Pope Francis: “We have to put mercy before judgment.”

“We have to put mercy before judgment,” Pope Francis said in his homily before opening the Holy Door of Mercy in St. Peter’s Basilica in a simple but deeply moving ceremony on Dec 8. He then walked through this door thereby inaugurating the Jubilee Year of Mercy that will last until Nov. 20 2015.

All those present applauded when he walked through the Holy Door into the basilica. For his part, he stood there framed by the door, head bowed, and prayed for some minutes. Then, Benedict XVI, his predecessor who was present at his invitation, was the next to go through the Door of Mercy. He did so, assisted by his personal secretary, Archbishop Georg Ganswein. Francis embraced him when he came through, as he had done at the beginning of the brief ceremony. Next, all the cardinals, bishops, priests, women and men religious and lay people present passed through the Holy Door, some touched, others kissed it as they went in.

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Pope Francis opened the Holy Door at the end of a solemn Mass, at which the Sistine Choir led the singing, and which he celebrated in St. Peter’s Square on a cold, and slightly wet, Tuesday morning—the feast of Our Lady of the Immaculate Conception. More than 50,000 faithful from Italy and many other countries attended the Mass after going through extraordinary security controls such as I have not seen here before. These security measures, conducted with great efficiency, were a direct consequence of the recent terrorist attacks in Paris and subsequent threats to Rome and the pope.

“In a few moments I will have the joy of opening the Holy Door [in the basilica] as I did in Bangui,” Francis said as he began his homily. This was a reference to his historic gesture in the cathedral of Bangui, the capital of the Central African Republic, on Sunday, Nov. 29, when he broke the seven-centuries-old tradition, according to which the Holy Door is first opened in Rome, so as to open the Doors of Mercy for a people crushed by poverty and armed conflict in the heart of Africa.

Speaking from his canopied dais under the central loggia of St. Peter’s, Francis reminded those present, and the many millions worldwide that were following the ceremony by television, that “this Extraordinary Holy Year is itself a gift of grace.”

He explained that “to pass through the Holy Door means to rediscover the infinite mercy of the Father who welcomes everyone and goes out personally to encounter each of them,” and said, “this will be a year in which we grow ever more convinced of God’s mercy.”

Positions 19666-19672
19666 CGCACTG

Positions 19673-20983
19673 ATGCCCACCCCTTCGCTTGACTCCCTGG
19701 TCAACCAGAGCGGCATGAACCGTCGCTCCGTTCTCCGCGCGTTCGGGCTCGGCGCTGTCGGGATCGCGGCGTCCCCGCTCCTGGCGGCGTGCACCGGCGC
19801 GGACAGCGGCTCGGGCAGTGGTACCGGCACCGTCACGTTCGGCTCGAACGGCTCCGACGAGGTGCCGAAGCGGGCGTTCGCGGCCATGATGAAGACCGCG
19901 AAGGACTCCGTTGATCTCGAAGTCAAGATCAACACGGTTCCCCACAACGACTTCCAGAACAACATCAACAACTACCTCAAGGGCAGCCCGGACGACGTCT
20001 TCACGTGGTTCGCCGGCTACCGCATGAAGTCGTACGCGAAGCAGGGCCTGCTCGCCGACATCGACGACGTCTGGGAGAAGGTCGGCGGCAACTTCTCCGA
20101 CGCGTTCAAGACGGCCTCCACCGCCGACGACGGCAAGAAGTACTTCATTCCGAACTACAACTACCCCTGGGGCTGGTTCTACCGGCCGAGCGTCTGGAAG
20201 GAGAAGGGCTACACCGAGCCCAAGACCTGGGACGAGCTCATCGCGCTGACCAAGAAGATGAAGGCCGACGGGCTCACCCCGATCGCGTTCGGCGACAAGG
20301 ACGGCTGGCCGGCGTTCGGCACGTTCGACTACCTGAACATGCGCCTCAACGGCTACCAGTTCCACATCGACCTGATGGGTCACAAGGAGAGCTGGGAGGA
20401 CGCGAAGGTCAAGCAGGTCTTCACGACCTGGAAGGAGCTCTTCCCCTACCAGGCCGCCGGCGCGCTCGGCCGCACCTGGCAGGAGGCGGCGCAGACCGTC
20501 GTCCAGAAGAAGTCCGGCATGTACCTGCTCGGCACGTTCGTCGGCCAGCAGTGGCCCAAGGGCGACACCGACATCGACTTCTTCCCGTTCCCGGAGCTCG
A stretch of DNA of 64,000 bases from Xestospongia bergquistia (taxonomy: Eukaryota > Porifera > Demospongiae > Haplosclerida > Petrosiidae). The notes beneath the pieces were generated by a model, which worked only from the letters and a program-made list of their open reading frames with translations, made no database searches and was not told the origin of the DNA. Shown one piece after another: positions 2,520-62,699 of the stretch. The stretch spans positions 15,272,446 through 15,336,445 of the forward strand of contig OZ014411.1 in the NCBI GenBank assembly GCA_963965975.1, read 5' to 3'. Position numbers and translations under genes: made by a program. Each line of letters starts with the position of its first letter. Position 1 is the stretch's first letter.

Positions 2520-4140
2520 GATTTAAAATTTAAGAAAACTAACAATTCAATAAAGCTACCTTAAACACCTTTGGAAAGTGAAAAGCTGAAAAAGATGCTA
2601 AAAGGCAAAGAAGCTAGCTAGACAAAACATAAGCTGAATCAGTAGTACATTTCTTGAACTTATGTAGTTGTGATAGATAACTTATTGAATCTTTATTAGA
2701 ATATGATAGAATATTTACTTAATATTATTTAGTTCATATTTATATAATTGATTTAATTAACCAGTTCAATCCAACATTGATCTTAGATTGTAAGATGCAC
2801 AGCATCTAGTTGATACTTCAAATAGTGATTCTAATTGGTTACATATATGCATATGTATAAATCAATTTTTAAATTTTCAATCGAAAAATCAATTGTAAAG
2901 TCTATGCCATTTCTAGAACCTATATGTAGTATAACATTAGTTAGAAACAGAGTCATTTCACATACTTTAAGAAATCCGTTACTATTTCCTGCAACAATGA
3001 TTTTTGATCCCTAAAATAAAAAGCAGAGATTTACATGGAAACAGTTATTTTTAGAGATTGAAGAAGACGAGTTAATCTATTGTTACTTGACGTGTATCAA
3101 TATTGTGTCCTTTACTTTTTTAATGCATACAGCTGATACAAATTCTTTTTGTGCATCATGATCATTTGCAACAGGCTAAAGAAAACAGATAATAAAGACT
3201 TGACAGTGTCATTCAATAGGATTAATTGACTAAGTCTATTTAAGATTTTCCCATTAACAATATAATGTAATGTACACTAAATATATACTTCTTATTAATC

Then, in the key passage of his homily, quoting St. Augustine, he declared: “How much wrong we do to God and his grace when we speak of sins being punished by his judgment before we speak of their being forgiven by his mercy.”

“We have to put mercy before judgment, and in any event God’s judgment will always be in the light of his mercy”; he insisted in a strong reminder to pastors and people alike that God is above all else a God of Mercy.

“In passing through the Holy Door then,” he said, “may we feel that we ourselves are part of this mystery of love. Let us set aside all fear and dread, for these do not befit men and women who are loved. Instead, let us experience the joy of encountering that grace which transforms all things.”

Pope Francis deliberately chose to open this Jubilee Year of Mercy on the 50th anniversary of the closing of the Second Vatican Council. He sees this Jubilee as directly linked to that historic assembly of the world’s bishops that was opened by John XXII in 1962 and closed by Paul VI, exactly 50 years ago, on Dec. 8, 1965. He spoke explicitly about this link in his homily.

“Today, as we pass through the Holy Door, we also want to remember another door, which 50 years ago the Fathers of the Second Vatican Council opened to the world,” Francis said.

He told the faithful that “this anniversary cannot be remembered only for the legacy of the council’s documents, which testify to a great advance in faith” because “before all else, the council was an encounter; a genuine encounter between the church and the men and women of our time.”

He described the council as “an encounter marked by the power of the Spirit, who impelled the church to emerge from the shoals which for years had kept her self-enclosed so as to set out once again, with enthusiasm, on her missionary journey.”

The council was, he said, “the resumption of a journey of encountering people where they live: in their cities and homes, in their workplaces.” Indeed, “wherever there are people, the church is called to reach out to them and to bring the joy of the Gospel.”

Pope Francis concluded with these significant words: “After these decades, we again take up this missionary drive with the same power and enthusiasm. The Jubilee challenges us to this openness, and demands that we not neglect the spirit which emerged from Vatican II, the spirit of the Samaritan, as Blessed Paul VI expressed it at the conclusion of the council.”